Question What kind of transfer speeds should I expect?

jessek12

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Jul 21, 2014
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I have a Macbook talking to a linux VM on my desktop. Transfering files with rsync from the Mac to the VM I get less than 400kB/s transfer speed. An iperf3 test saying I have a bandwidth of 16.7 Mb/s between the two devices. I was hoping for transfer speeds of closer to 800 Mb/s. Is that an unrealistic expectation?

Hardware:
Router: Netgear R6700v3
Desktop: Hardwired gigabit connection (Realtek RTL8111E)
Macbook: 2018 Macbook Pro on 5GHz Wifi. Should be a gigabit connection.
 
Your problem is the wifi. Those numbers you see represent encoding rates not actual data transfer rates. You get nowhere near those rates.

Iperf is a pretty good test of maximum speed in a lan. What you get in real file transfers depends on many things like the file size. Transferring a large number tiny files take much more time that 1 large one. Still your number is extremely low.

Do you have any ability to test this with ethernet so you can eliminate the wifi as the source of all the problems. You could also be getting error on the ethernet cable but that is not as likely.
 

jessek12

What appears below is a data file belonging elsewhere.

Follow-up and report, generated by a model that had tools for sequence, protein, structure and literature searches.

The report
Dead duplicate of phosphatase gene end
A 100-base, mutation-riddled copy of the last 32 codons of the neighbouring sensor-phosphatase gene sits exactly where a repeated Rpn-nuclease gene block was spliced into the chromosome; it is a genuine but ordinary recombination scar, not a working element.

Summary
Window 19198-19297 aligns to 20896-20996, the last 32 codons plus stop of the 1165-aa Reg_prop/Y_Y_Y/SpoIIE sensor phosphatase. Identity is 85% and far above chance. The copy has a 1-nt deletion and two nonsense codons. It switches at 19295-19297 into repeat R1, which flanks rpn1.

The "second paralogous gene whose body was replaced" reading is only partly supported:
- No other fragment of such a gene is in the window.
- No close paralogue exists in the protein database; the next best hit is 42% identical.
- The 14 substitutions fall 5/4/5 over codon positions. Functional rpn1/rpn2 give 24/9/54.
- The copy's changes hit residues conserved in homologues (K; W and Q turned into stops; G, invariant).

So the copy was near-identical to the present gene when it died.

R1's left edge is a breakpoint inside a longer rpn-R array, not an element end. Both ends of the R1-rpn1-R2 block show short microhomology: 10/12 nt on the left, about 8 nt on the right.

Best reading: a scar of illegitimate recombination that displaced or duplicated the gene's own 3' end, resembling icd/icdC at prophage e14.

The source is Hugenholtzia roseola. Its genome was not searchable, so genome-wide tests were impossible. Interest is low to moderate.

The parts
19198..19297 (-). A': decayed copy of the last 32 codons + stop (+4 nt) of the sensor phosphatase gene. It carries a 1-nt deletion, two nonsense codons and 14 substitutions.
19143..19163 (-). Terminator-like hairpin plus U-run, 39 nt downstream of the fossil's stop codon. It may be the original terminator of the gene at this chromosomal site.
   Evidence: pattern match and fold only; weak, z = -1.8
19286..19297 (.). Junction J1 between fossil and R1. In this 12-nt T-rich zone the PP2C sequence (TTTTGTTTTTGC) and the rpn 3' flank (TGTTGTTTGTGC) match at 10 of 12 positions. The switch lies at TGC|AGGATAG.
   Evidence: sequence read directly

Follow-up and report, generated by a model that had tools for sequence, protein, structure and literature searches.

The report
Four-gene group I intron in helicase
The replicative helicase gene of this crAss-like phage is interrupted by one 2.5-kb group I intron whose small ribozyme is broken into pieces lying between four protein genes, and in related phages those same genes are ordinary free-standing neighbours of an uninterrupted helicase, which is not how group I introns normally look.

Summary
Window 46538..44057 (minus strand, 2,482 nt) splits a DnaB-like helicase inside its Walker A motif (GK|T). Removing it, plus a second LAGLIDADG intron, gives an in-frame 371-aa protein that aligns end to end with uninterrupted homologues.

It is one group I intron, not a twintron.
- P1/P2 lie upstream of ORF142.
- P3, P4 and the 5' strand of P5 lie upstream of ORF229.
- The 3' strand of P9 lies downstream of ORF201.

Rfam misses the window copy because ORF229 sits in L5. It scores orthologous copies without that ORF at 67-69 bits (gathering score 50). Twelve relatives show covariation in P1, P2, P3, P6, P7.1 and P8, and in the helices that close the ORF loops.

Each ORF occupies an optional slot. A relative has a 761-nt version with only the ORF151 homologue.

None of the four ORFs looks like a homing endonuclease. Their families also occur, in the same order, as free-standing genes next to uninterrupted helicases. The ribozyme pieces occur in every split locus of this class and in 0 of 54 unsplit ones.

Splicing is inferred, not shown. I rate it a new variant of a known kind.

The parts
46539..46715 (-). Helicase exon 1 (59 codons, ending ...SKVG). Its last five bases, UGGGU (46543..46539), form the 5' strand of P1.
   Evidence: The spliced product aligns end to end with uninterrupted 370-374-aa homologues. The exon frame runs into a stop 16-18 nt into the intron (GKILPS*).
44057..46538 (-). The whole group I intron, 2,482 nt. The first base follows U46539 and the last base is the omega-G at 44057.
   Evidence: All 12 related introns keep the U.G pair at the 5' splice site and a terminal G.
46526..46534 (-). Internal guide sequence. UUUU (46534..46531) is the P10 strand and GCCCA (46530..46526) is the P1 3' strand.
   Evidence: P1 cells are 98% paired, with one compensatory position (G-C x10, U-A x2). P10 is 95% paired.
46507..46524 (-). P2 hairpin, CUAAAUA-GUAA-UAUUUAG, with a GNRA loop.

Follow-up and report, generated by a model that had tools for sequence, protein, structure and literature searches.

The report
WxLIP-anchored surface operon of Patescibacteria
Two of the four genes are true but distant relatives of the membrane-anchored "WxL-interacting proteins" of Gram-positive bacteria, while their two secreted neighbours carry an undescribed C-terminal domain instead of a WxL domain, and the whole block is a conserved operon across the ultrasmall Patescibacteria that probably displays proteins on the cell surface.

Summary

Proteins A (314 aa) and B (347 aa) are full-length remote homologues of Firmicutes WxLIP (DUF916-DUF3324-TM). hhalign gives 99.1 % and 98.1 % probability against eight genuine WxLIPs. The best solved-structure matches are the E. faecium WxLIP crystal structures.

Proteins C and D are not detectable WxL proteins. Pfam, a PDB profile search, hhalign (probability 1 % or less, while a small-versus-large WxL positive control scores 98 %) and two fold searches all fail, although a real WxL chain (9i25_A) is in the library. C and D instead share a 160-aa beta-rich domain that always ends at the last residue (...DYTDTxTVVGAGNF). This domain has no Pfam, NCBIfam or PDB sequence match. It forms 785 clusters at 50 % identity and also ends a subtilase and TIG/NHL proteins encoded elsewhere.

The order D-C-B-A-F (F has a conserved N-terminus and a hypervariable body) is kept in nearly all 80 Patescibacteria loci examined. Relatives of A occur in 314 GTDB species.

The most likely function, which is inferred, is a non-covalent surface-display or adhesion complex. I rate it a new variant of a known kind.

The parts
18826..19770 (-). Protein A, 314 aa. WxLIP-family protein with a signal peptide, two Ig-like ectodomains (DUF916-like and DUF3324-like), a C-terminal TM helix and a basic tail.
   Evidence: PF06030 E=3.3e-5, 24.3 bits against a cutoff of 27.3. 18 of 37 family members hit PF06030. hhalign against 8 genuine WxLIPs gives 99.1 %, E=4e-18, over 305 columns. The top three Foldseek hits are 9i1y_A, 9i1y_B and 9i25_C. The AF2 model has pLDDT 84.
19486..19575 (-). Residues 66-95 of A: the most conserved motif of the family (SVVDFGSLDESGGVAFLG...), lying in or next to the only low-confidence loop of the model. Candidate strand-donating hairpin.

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Jul 21, 2014
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Yea, testing a 260MB file I get a 17.7 MB/s with scp and 20.93 MB/s with rsync. iperf3 is getting 518 Mb/s.
Are those speeds what you'd expect?

The previous Wifi tests were sending large gopro videos as well.

There's shouldn't be too much of a performance impact if I'm going through a VM right? The host is giving the VM direct access to the networking hardware?
 
IPERF on ethernet should give over 900mbits/sec. Wifi is hard to say even if you have a fancy nic that has 4 antenna and a router that also support it you not get much over 300mbps unless you sit on top of the router.

Virtual machines depending on if you are dedicating the nic or sharing it can slow even ethernet. You are now having your cpu simulate a interface rather than the hardware do the work. If it is dedicated to the virtual machine it function mostly the same as a real nic on a real machine.
 

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